Reviews 4-30-2016

Music Reviews 



Everything and Nothing

by Hammock

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 It's been over a decade since Hammock released their debut album Kenotic, and three years since their last album Oblivion Hymns. The latest incarnation of their personal and musical journey has all the usual guitar sonics you'd expect from them but is arguably the most “mainstream” sounding Hammock album. Perhaps this is because it reflects their now “hopeful” mindset after the heavier sentiments of the previous two albums. All the expected elements are still there on Everything and Nothing – fans of the duo's work will not be disappointed. It's a long album of 20 tracks (4 of which are bonus tracks), and in Marc Byrd's words (the other half of the duo is Andrew Thompson) is part of an ongoing exercise in letting go. 

Opening the album is the sweet and atmospheric Turn Away and Return. Distant guitar licks and a minimalist rhythm gradually build while many of the typical Hammock elements such as cello and ethereal vocals are a little reminiscent of the otherworldly vibe of work by Jónsi Birgisson from Sigur Ros. 

The introspective piece Marathon Boy marks a slight departure from the norm where a piano with a simple yet affecting melody of few notes leads throughout. As crystalline pads drift about and muted guitar refrains add texture the track builds to a peak before easing off. Musically understated, it exemplifies Hammock's bewitching ability to evoke feelings and emotions in the careful listener. 

The titular track starts off with twangy bassy notes and a soft beat. A buzzing sound then slides to and fro across the soundscape and a guitar melody kicks in. Bright refrains, upbeat drums and trademark sheets of guitar coupled with vocals give a sense of an epiphanic rebirth. It's one of their most accessible tracks – one that I'd recommend to someone unfamiliar with the band. Call it soft rock, shoegazer rock, whatever you want, it's pointless trying to categorise Hammock's sound which in my experience is unique.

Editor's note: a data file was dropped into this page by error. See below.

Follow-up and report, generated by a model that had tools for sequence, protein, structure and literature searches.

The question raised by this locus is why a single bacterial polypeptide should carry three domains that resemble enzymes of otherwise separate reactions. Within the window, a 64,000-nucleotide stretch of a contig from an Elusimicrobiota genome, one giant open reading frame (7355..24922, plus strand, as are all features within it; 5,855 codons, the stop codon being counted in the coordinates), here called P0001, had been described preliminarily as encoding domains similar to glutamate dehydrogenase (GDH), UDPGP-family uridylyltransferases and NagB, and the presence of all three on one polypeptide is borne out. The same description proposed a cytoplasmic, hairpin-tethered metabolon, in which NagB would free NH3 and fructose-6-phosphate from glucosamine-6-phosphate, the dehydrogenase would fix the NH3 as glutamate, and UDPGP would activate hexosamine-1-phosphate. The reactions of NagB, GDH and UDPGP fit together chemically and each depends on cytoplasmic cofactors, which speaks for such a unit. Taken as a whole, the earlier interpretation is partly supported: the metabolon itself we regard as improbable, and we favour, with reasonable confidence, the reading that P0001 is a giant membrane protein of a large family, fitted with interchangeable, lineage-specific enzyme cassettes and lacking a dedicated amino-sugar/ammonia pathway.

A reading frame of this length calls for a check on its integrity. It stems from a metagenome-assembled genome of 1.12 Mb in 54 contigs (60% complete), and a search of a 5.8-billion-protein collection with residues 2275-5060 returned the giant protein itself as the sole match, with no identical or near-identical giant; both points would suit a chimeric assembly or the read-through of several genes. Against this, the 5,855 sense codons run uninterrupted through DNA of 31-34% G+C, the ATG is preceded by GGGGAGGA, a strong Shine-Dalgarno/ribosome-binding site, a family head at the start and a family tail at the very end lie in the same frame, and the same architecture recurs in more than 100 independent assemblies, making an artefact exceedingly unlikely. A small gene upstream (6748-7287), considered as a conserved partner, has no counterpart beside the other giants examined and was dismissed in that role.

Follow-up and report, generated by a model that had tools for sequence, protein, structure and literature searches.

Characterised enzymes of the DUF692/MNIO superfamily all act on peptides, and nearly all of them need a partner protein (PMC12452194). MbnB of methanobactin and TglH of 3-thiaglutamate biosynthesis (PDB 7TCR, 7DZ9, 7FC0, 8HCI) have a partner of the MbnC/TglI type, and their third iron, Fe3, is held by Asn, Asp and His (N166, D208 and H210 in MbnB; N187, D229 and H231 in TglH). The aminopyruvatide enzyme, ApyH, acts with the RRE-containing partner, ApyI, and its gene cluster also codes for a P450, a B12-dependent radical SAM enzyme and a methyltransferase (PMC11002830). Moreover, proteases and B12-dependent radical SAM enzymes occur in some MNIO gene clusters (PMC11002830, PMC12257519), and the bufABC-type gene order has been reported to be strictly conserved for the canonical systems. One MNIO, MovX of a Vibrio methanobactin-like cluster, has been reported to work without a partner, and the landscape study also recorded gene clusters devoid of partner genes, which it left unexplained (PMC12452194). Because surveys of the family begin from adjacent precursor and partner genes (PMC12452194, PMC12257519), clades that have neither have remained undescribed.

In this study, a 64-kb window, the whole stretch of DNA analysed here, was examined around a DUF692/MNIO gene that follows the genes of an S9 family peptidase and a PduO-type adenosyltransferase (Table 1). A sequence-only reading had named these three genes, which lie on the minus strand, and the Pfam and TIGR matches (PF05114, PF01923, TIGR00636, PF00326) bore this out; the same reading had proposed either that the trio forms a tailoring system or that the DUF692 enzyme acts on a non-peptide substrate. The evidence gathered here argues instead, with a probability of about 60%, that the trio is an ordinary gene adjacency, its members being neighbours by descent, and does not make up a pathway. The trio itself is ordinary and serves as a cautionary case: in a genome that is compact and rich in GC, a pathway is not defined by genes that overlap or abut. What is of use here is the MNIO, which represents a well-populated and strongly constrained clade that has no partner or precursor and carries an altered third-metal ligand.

For me the one let down was feeling a little cheated by some pieces. Burning Down the Fascination starts like several of their ambient tracks on previous albums. Glassy guitar lines undulate and you think it's going to remain that way then suddenly the track bursts into rock mode with driving drums and guitars and “woo hoo” style vocals. Yes, it is very enjoyable and competes with (Tonight) We Burn Like Stars that Never Die on Departure Songs for being one of their most gung ho tracks, but defying expectations at the start is jarring if you're hoping for an ambient piece. 

Who could not fall in love with Hammock's music? They're alchemists who imbue what on casual inspection are cold, icy and melancholy sounds with a gamut of emotion. As ever with their albums, this is music for the slow lane, to savour with one's full attention ideally on a good hi-fi or through quality headphones. I suspect it'll have a wider appeal than the rest of their canon while staying true to the spirit of Hammock.

Reviewed by Dene Bebbington for Ambient Visions